— Marshall McLuhan
In his landmark 2006 book Cosmos and Psyche, Rick Tarnas describes the problem of the disenchanted world brought on by the so-called scientific revolution. He describes how the beauty of nature and the cosmos is explained away and demystified by science.
The mystery of the soul is essentially dismissed by psychology and all of its fancy terms and findings.
Science always seems to be saying, “There, it all makes perfect sense. We’ve proven it.” (And in psychology, “Here is your diagnosis. You are officially suffering from a bad case of 302.3.” This sometimes makes people feel better when they think, “At least now I know.”)
Human Experience is Different
Rather, a person with an open mind lives in an active relationship to existence. What is this thing that makes us human? Maybe it’s the capacity for wonder, for discovery and for personal revelation. Turning everything into an explainable phenomenon of physics or chemistry takes away something vital from who we are: the quest for meaning.
Plus, the problem with science is that it’s usually wrong, especially when it’s controlled by government and industry (almost always true). Any pursuit of truth is displaced by the drive for profits. Most of what we call science is technology, revered as a god.
With all that we call science, there is no room for your personal experience of reality. Your observations are not allowed into the discussion. After all, you can’t prove what you observe, can you? You are told what is true, even if it contradicts your observations. Few people bother to read the fine print (such as the methodology section of a study, to see if it matches the claimed conclusion).
Those who dip into the details of science often learn how irrational are most claims of absolute truth.
Allowing the Mystery into Life
Once you start playing with charts, it doesn’t take long before seemingly impossible synchronicities start to appear — such as aspects or placements that describe your friends down to funny details, or show the connections between people, or teach you something about the timing of important events in your life.
Any astrologer who is true to the art is going to invest plenty of thought in wondering how this could all possibly work (and about how consciousness itself works.) Thankfully, there are no easy answers.
Any spiritual path calls for a healthy relationship to the unknown. The rush to explain everything, and leap to instant, easy conclusions, shuts off curiosity and spoils the pleasure of personal discovery. Astrology (and other divination arts) has a way of opening up one’s desire for discovery, and teaches the patience necessary for true learning. In divination, the answer often comes as a riddle.
This is exactly he opposite of taking the first result in Google as the absolute truth. The bold explorers of our day make it to the second page, and might even tap a link.
And this way of not thinking has many people in their thrall. They may feel the momentary stirring of curiosity, and it’s over before they’ve looked at half an inch of their phone’s screen. A sincere quest for truth is much more interesting.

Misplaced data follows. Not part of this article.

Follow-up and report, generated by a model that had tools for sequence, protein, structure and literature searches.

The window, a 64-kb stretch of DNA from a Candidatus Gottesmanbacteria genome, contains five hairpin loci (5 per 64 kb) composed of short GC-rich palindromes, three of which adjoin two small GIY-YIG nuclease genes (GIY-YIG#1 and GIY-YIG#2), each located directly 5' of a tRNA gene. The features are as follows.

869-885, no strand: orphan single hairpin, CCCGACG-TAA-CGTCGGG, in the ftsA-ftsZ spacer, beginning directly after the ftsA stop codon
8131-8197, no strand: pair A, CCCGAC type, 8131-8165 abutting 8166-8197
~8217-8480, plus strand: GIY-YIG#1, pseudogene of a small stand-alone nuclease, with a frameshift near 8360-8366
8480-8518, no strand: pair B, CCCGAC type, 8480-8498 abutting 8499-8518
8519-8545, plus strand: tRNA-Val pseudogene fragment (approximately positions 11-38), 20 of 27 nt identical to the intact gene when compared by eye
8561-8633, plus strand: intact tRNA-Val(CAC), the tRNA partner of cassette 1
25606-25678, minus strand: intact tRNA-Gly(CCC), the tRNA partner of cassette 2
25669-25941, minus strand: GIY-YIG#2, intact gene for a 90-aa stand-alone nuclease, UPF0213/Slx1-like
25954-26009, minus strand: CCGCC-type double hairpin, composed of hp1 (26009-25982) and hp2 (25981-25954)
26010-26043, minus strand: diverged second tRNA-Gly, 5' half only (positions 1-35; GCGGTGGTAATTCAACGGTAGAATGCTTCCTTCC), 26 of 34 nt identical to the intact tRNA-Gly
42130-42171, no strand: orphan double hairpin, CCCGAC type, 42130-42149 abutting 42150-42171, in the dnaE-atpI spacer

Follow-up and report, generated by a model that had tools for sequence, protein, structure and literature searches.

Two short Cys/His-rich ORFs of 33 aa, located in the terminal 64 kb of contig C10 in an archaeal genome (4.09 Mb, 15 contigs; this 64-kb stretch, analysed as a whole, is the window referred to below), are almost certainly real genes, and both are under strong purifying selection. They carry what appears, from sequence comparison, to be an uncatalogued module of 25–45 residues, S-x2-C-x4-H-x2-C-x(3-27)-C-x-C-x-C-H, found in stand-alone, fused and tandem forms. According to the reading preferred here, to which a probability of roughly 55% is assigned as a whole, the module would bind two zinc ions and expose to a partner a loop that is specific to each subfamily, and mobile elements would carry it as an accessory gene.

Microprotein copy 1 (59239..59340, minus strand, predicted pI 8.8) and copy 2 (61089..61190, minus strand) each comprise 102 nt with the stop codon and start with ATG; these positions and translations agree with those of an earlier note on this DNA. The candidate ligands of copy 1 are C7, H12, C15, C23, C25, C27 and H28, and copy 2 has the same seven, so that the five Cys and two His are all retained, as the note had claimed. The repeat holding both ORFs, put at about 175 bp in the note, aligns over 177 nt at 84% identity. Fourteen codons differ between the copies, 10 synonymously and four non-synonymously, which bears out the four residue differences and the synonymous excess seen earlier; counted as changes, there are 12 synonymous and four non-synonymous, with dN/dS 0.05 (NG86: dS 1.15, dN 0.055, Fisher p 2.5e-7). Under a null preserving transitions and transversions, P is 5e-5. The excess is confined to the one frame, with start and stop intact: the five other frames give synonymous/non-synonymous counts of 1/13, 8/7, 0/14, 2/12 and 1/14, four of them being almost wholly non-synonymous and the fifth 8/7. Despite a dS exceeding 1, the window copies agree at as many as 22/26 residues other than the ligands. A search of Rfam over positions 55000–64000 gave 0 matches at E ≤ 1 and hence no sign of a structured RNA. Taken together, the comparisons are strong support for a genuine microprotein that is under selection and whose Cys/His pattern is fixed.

The Siren Song of Technology
We are now in the New Age of “artificial intelligence.” Suddenly, thousands of articles are appearing about how wonderful it is. What they are not telling you is that the age of AI goes back decades, as computer programs have been used to “help” people figure things out and make decisions all the way back to World War II.
But we’re now being fed this stuff as if it’s some new innovation that has not already impacted our existence. The lie is that this technology is something new (rather than what caused the 1987 stock market crash, among other problems).
It’s usually subtler than this. For example, many people use GPS to find their way places. This takes away the pleasure of studying maps, paying attention to landmarks, and figuring out how to find your way someplace.
And still, many people are caught in the spell — the enchantment — of how wonderful this is all going to be. All what? When computers do all the thinking and make all of the difficult decisions and write your term papers and your legal briefs and poems you can use to seduce someone if you even care enough to do bother.
Delegating Human Experience to Technology
This is your mind on AI. And the marketing campaign is coming on fast and furious. I recently compiled some headlines from the past month, that seem to go on and on. Remember that most humans have been so weakened and dumbed down by the previous 30 or 40 years of exposure to AI. And how they are announcing that it’s something new.
Well, it’s got new branding and it’s being rolled out as a consumer product. But it’s been quietly trying to run your life for many years. If you’re wondering why you’re so stressed out, consider the possibility that it’s from overexposure to all forms of artificial thought, memory and decision making.
Consider that some part of you has been made numb or placed in a trance, and the restlessness and angst that you’re feeling is the deep desire to wake up. The good news is that you still can. There is still time. The revolution is not complete.